13.5 Scavenging of East-Asian Black Carbon by a Western Pacific Extratropical Storm

Friday, 2 July 2010: 11:30 AM
Cascade Ballroom (DoubleTree by Hilton Portland)
Jeffrey Stith, NCAR, Boulder, CO; and T. Campos, C. H. Twohy, J. Anderson, D. Baumgardner, P. J. DeMott, and R. Gao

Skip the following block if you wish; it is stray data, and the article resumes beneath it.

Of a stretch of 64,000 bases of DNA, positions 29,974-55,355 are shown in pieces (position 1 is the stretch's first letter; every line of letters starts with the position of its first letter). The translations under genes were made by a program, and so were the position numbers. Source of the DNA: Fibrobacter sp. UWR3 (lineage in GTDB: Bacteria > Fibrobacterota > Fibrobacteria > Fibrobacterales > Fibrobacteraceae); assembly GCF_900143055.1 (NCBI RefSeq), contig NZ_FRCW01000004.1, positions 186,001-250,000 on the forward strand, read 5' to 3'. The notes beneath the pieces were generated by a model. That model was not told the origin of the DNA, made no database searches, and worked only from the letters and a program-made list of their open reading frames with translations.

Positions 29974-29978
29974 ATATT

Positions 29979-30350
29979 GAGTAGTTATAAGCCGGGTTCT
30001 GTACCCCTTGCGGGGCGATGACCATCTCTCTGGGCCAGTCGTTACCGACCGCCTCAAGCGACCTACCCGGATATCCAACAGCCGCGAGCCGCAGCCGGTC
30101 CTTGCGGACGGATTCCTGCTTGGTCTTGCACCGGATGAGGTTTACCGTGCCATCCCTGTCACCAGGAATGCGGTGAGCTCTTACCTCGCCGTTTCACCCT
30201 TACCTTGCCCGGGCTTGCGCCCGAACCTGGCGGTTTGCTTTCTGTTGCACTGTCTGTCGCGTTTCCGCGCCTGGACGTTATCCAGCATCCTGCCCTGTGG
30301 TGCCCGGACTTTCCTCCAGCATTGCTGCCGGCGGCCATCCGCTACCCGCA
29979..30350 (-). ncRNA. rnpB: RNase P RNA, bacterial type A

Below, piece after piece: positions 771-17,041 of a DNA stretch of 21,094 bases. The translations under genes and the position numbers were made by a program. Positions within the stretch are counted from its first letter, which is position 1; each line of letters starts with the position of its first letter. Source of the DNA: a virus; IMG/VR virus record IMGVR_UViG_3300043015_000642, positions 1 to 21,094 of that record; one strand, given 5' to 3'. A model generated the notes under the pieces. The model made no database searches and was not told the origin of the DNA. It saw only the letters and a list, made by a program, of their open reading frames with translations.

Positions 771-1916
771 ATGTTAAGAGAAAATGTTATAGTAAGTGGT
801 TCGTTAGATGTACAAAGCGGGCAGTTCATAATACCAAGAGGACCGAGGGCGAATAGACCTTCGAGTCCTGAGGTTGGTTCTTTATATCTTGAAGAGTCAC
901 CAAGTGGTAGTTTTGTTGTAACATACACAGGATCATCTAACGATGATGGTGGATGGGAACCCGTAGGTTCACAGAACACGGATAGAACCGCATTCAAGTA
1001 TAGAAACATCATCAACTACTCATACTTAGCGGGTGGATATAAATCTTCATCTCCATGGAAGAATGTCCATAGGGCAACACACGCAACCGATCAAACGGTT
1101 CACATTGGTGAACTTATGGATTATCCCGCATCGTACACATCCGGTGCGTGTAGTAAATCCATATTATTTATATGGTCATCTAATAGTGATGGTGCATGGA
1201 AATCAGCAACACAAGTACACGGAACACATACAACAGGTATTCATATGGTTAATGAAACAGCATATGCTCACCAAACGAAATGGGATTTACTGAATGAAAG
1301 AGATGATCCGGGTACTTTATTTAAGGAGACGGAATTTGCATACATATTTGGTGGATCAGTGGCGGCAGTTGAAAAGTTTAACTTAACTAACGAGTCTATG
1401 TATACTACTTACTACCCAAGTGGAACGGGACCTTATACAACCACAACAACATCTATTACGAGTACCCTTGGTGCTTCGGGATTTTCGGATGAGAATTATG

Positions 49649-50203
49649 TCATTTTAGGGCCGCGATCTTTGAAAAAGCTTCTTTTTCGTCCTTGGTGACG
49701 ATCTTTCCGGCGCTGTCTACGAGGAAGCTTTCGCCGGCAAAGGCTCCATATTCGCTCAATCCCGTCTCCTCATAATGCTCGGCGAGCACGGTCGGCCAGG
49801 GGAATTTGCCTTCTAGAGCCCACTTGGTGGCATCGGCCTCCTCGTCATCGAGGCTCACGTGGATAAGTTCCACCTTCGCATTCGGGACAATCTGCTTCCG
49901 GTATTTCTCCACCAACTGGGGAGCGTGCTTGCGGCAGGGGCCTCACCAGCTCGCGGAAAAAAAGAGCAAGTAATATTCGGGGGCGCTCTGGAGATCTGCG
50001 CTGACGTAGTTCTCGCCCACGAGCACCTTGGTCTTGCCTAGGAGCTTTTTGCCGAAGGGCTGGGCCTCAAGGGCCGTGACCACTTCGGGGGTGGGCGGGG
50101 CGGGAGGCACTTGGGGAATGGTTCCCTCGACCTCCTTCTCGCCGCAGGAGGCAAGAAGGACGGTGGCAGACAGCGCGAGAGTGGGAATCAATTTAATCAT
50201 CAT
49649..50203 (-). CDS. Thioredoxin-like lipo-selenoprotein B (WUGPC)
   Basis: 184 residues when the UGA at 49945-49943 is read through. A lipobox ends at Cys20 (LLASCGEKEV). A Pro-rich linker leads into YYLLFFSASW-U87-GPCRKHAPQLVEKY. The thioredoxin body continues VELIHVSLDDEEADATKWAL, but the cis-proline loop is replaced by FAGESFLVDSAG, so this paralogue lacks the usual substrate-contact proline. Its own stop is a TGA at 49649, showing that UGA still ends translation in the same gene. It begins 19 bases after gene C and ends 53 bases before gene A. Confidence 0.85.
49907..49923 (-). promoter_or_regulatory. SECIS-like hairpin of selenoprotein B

In situ airborne sampling of black carbon (BC) particles and Ice Nuclei (IN) was conducted in and near an extratropical cyclonic storm in the western Pacific Ocean during the Pacific Dust Experiment, PACDEX, in the spring of 2007. Airmass origins were from Eastern Asia. Cloud hydrometeors were evaporated by a counterflow virtual impactor and the residue was sampled by a single particle soot photometer (SP2) instrument and a continuous flow Ice Nucleus detector. Clouds associated primarily with the warm sector of the storm were sampled at various locations and altitudes. Insoluble trace gas concentration measurements of Carbon Monoxide and Ozone were made in the warm sector airmass outside of clouds and were found to be significantly correlated with BC concentrations. The relationship between trace gas concentrations and BC was used to predict the expected total (cloud plus interstitial) BC concentrations in the cloud based on the measured trace gases concentration in cloud. These were compared with simultaneous BC measurements of the cloud residue. The ratio of BC in residue to expected total BC in the clouds in the warm sector at temperatures warmer than freezing was substantially lower than in nearby ice-containing clouds at colder temperatures (higher altitudes), suggesting that ice hydrometeors are preferred over liquid ones as carriers of BC particles in storms such as this one. IN measurements in ice particle residue generally agreed well with measurements of total ice concentrations and were typically about a factor of five lower than simultaneous measurements of BC concentrations.
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